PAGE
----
Tokyo: Sumitomo Mitsui Financial Group will consider investing in financial firms across Asia, as it looks to double the proportion of gross profit generated overseas in the next few years, the head of Japan’s No. 3 bank said.
Sumitomo Mitsui’s president Teisuke Kitayama also told Reuters in an interview the bank would consider returning to India, which it all but pulled out of in 2005. The interview, conducted at the bank’s Tokyo headquarters on Friday, was embargoed for release until Tuesday.
Asia focus: Sumitomo Mitsui’s Teisuke Kitayama says the bank wants to double the overseas proportion of its gross banking profit. Akio Kon/Bloomberg
“Considering that Asia’s domestic demand is comparatively strong and that we are seeking that growth, we are organically investing our own assets and people there. However, it is necessary for us to consider inorganic investment as well,” Kitayama said. “Centring on Asia, we would like to boost the overseas proportion of our gross banking profit from about 15% now to 25-30% in the next three to five years.”
Gross banking profit is the widest measure of earnings used by Japanese banks, before stripping out personnel costs, trading losses and bad loan costs.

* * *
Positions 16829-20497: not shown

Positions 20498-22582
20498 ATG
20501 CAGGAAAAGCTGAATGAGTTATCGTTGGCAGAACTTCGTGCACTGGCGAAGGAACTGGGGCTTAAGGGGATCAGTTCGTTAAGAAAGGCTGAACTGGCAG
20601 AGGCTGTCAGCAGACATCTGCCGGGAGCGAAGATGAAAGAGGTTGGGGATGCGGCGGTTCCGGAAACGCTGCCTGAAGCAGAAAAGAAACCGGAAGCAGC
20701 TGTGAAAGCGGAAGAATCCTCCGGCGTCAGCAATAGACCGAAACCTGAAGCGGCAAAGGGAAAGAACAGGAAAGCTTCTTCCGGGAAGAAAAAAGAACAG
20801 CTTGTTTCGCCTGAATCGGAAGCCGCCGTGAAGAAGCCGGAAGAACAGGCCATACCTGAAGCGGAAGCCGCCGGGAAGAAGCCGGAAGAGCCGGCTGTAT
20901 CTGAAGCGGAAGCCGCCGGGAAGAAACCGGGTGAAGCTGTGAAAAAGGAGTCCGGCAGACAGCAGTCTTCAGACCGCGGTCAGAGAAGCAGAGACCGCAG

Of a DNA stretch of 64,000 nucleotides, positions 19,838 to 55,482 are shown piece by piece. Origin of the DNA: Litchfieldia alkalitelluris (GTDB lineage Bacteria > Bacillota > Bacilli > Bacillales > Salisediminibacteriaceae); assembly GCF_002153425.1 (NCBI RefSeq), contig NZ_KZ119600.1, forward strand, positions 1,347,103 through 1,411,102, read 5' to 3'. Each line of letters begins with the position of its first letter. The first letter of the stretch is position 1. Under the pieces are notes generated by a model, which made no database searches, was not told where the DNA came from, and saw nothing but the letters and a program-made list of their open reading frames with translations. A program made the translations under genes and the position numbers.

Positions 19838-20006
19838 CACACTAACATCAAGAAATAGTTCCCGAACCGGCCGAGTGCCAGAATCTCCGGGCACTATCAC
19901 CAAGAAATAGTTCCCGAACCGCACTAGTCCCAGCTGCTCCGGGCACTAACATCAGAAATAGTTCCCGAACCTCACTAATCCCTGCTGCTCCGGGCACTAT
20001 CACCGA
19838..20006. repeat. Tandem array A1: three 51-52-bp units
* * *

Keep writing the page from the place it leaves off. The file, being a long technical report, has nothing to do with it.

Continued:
In the April-September first half, Sumitomo Mitsui’s gross banking profit totalled 719.3 billion yen (Rs36, 634 crore today), with the overseas business contributing just 84.2 billion yen, or 11.7%.
Sumitomo Mitsui, which last year paid about $1 billion (Rs4,670 crore) for a 2% stake in Britain’s Barclays Plc, also holds a 15% stake in Vietnam’s Eximbank, which debuted on the Ho Chi Minh Stock Exchange in October.
Elsewhere in Asia, it holds a small stake in South Korea’s KB Financial Group and has signed a strategic alliance agreement with Hong Kong’s Bank of East Asia Ltd.
Sumitomo Mitsui could consider returning to India if more Japanese firms do business in that country. The bank all but closed its operation there in 2005, leaving a “Japan desk” in the New Delhi office of Standard Chartered Plc.
“If Japanese companies advance more into India, it may be necessary to consider a return, with one or two branches,” he said. Critically, Kitayama said the bank has yet to make a decision about issuing more capital in the coming year. Analysts say that Sumitomo Mitsui and its larger rival, Mizuho Financial Group, are currently among the worst capitalized banks in Asia.
Goldman Sachs has estimated that the two may need to raise a combined 2.7 trillion yen to meet new global regulatory standards scheduled to be announced next year.
Mitsubishi UFJ Financial Group, Japan’s top bank, beat its rivals to the market by announcing a 1 trillion yen share sale earlier this year, in order to meet the stricter requirements.
Japanese banks have taken a drubbing from investors this year, hit by concerns about fundraising.
Shares of Sumitomo Mitsui are down 27.4% this year, compared with a 21% decline in Tokyo’s banking index.